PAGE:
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DC Phase 2 reopening: Here's what eating and shopping inside will look like

Owners have increased safety measures, and some have been able to make updates and renovations to their businesses.

WASHINGTON — To start the workweek, a variety of businesses and organizations will reopen in the District under Phase 2.

It has been nearly three months since retailers and restaurant owners were allowed to welcome customers inside their stores and restaurants. 

Here's what's changing and reopening for Phase 2 in the District:

  • Restaurants, non-essential retail and beverage establishments can open indoors at 50% capacity. Indoor dining must have tables six feet apart, with no more than 6 people to a table.
  • Gyms, yoga studios and dance classes can reopen with restrictions like having only 5 people allowed per 1,000 sq. feet and an emphasis on smaller group classes.
  • Movie theaters, entertainment venues are to remain closed.  Certain programs and events could reopen if the venue applies and is approved for a waiver. Live music would also need to be approved by a waiver.
  • Houses of worship, churches can resume at maximum 50% capacity, with choirs discouraged. 
  • Libraries can reopen at 50 percent capacity.
  • Pools: D.C. public pools will reopen for structured activities like lessons, lap swimming. The pools will not be reopened for recreational use beyond those structured activities until "likely mid-July."
  • Playgrounds can reopen.
  • Parks and fields may reopen for activities
  • Nail salons, tanning and waxing: Open by appointment only with stations at least six feet apart
  • Colleges and universities in D.C. can begin reopening, as long as they have submitted their reopening plan to D.C. Council.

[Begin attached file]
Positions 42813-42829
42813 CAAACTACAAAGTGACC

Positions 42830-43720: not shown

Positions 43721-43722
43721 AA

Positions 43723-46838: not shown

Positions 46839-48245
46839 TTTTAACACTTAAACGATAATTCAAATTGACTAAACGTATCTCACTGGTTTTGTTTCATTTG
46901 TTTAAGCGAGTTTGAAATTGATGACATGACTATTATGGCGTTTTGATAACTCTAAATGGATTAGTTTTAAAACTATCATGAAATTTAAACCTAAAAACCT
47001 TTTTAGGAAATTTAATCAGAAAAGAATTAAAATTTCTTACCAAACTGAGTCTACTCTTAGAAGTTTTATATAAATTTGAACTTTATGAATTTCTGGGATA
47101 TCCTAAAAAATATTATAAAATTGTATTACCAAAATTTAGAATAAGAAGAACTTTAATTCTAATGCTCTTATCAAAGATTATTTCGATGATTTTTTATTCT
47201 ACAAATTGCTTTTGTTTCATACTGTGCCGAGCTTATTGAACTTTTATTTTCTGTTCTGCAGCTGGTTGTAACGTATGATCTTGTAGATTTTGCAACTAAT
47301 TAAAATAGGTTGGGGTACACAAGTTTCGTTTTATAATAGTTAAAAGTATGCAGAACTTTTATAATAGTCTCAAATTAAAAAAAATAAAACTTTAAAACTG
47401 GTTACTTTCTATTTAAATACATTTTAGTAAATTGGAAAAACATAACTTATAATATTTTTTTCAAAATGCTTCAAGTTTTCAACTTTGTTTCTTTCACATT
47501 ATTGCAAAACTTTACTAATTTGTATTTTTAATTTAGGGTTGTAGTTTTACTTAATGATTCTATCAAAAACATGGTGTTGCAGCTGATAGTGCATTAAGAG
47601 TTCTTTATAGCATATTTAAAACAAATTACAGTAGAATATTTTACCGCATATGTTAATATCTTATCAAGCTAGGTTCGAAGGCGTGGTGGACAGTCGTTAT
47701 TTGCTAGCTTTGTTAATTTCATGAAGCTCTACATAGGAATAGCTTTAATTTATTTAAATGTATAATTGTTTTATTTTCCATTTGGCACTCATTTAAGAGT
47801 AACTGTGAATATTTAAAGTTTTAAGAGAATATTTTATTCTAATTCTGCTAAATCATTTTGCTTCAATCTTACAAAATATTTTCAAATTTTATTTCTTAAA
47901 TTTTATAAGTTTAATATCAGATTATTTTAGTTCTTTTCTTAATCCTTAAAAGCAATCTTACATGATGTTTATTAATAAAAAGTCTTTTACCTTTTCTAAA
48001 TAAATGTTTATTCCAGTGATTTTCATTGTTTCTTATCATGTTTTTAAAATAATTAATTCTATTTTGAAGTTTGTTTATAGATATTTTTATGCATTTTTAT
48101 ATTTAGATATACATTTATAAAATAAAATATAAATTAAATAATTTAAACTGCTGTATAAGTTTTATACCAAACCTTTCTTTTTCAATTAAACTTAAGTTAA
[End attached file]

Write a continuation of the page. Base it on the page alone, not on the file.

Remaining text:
• Camps can reopen as long as there are no more than 10 people to a cohort.
  • DMV services: Starting Tuesday, residents will be able to enter the DMV to conduct driver's licenses services, vehicle registrations, and knowledge tests by appointment only.  All documents that expire on or after March 1 are still valid until mid-September, so there is no need to rush to the DMV, Bowser said. To set up an appointment, click here.

Retailers and certain other types of businesses under Phase 2 will have to limit waiting in their stores, and the use of personnel protective equipment (PPE) is required.

Business owners WUSA9 talked to said they have been forced to change their business models to focus on online sales and curbside pickups. And now they will be doing so again.

But while Phase 2 starts Monday, many have spent this weekend and the past few weeks updating their business models, along with taking steps to keep employees and customers safe.

Adam Mahr, the owner of luxury Georgetown gift shop A Mano, took the time while he was closed to renovate the inside of his store and the surrounding garden. 

"Because when we do open up, we just want it to look fresh. We want it to look clean, fresh, and really inviting," Mahr said.

He also is adjusting the store's layout to accommodate new safety precautions.